The cost-control objective was addressed through a limit on average service expenditures (averaged across all clients), a limit on individual service expenditures, and cost sharing by clients. The limits on average and individual service expenditures were set at 60 percent and 85 percent, respectively, of prevailing nursing home rates. (The individual service expenditure limit could be waived by state approval.) The cost-sharing provision went into effect for clients with incomes in excess of a protected amount for services that would not otherwise have been available without charge.

In addition to the material contained in the full issue, further detail on the planned intervention can be found in Gottesman (1981), and the operational experience and its implications are discussed in the evaluation's detailed implementation and process report (Carcagno et al., 1986).



The Channeling approach, like that of a number of other community care demonstrations, was designed with the overall objectives of controlling the costs of long-term care while maintaining or improving the quality of clients' and informal caregivers' lives. How the specific effects were intended to come about is described briefly below.

Increased Use of Community Services. Channeling was intended to increase use of community services by providing in-home care to people who would otherwise have been in nursing homes. In addition, those who would have remained in the community in any case but with some service needs unmet were expected to increase their use of services under Channeling. The increase in community service use was expected to be greater under the financial control model than under the basic case management model because of the greater direct-service purchasing power of the financial model. (The article by Corson, Grannemann, and Holden in the full issue presents the results on community service use.)

Reduced Use of Nursing Homes. Substitution of community care for nursing home care was the primary intended effect of Channeling, to be brought about directly through the activities of case managers and indirectly through the lower price of community care to potential clients. (See Wooldridge and Schore, in full issue, for the results.)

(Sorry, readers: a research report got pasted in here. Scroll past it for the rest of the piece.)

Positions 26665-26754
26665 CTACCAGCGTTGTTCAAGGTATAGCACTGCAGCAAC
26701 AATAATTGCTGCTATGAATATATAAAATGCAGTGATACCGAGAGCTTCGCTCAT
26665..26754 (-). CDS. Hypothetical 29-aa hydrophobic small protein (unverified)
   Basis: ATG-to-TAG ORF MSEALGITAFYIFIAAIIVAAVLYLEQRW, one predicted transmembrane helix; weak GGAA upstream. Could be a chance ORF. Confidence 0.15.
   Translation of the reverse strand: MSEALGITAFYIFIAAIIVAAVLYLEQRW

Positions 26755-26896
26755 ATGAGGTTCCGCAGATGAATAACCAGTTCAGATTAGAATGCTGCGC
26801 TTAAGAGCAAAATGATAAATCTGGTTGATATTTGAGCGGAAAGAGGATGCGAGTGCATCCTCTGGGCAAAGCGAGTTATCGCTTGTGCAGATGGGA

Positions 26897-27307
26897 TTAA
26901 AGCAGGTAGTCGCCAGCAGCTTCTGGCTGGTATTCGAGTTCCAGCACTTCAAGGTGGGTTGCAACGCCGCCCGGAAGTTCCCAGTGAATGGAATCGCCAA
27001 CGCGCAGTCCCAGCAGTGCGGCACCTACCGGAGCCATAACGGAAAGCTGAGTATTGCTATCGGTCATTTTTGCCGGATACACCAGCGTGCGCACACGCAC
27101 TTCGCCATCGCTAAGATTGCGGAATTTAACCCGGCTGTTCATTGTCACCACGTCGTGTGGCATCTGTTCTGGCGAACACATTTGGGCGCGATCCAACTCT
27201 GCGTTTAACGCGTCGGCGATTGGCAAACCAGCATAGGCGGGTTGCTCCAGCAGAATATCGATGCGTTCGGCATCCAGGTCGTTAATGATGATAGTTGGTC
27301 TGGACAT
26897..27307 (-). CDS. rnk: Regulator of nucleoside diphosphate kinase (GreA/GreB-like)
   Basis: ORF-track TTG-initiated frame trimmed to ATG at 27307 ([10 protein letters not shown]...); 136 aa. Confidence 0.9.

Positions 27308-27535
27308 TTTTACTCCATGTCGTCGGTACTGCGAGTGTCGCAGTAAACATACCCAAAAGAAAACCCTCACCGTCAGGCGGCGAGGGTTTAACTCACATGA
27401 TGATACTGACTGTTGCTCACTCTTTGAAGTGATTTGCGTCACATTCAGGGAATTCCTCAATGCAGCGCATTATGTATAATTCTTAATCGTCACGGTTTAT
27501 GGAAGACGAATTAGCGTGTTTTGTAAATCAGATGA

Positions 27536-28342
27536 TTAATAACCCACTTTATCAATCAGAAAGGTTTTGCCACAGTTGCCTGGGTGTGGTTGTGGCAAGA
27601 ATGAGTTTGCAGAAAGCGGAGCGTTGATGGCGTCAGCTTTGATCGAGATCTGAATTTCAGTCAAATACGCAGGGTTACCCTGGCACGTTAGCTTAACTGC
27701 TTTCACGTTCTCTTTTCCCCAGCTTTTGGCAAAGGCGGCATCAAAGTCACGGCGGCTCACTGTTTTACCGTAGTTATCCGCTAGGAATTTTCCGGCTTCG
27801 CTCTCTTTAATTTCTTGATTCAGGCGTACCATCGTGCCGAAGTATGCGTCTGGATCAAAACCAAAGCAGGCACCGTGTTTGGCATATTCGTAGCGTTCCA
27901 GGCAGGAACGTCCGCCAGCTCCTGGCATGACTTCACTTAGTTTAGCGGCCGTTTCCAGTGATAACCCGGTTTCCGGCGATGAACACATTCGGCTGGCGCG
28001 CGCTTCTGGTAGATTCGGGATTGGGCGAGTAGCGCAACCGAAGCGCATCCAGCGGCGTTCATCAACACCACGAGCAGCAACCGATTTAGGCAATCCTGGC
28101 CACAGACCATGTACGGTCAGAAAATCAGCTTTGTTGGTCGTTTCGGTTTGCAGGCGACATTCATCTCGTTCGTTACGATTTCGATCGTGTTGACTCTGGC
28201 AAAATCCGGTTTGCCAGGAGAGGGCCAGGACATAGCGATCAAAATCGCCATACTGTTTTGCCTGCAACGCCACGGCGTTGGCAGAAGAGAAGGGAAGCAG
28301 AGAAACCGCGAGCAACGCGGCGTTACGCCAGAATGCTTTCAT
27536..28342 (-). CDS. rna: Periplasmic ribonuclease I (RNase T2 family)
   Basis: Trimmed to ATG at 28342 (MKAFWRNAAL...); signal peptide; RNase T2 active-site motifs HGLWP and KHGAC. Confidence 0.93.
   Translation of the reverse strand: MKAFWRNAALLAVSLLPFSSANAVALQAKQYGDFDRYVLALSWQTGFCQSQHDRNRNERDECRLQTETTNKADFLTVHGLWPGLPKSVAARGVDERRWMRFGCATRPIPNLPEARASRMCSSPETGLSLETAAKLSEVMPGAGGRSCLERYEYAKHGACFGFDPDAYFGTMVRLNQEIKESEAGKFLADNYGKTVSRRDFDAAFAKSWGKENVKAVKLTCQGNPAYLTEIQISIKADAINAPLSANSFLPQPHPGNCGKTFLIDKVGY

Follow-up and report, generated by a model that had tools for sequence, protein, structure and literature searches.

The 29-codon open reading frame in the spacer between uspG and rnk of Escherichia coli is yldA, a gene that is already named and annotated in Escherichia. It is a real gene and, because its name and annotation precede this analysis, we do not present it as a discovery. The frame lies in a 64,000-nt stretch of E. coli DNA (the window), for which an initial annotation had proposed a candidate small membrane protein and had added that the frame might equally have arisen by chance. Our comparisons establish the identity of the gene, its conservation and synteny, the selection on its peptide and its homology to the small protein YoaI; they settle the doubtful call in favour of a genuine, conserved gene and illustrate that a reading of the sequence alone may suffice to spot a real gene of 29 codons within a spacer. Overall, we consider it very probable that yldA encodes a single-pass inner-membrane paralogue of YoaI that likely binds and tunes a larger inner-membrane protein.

Reduced Use of Hospitals. Although not Channeling's primary objective, reduced use of hospitals might also result from expended community services to the extent that, in the absence of Channeling, persons remain hospitalized longer than medically necessary because of inadequate care at home or a shortage of nursing home beds. This reduction might be offset to the extent that comprehensive care management identified medical problems that would otherwise have gone untreated. (See Wooldridge and Schore, in full issue.)

Reduced Costs of Long-Term Care. Channeling was intended to reduce costs through the substitution of lower-cost community care for nursing home care. The success in doing so depends on whether Channeling was able to reduce nursing home use by enough to offset the cost of case management and expanded community services. (See Thornton, Dunstan, and Kemper, in full issue.)

Maintenance of Level of Informal Caregiving. The intended cost savings from reduction in the use of nursing home care was based in part on the expectation that family and friends would--as a result both of support and encouragement from case managers and of direct services (such as respite care)--at least maintain their informal caregiving efforts. It was recognized, however, that some substitution of formal for informal care might occur. (See Christianson, in full issue.)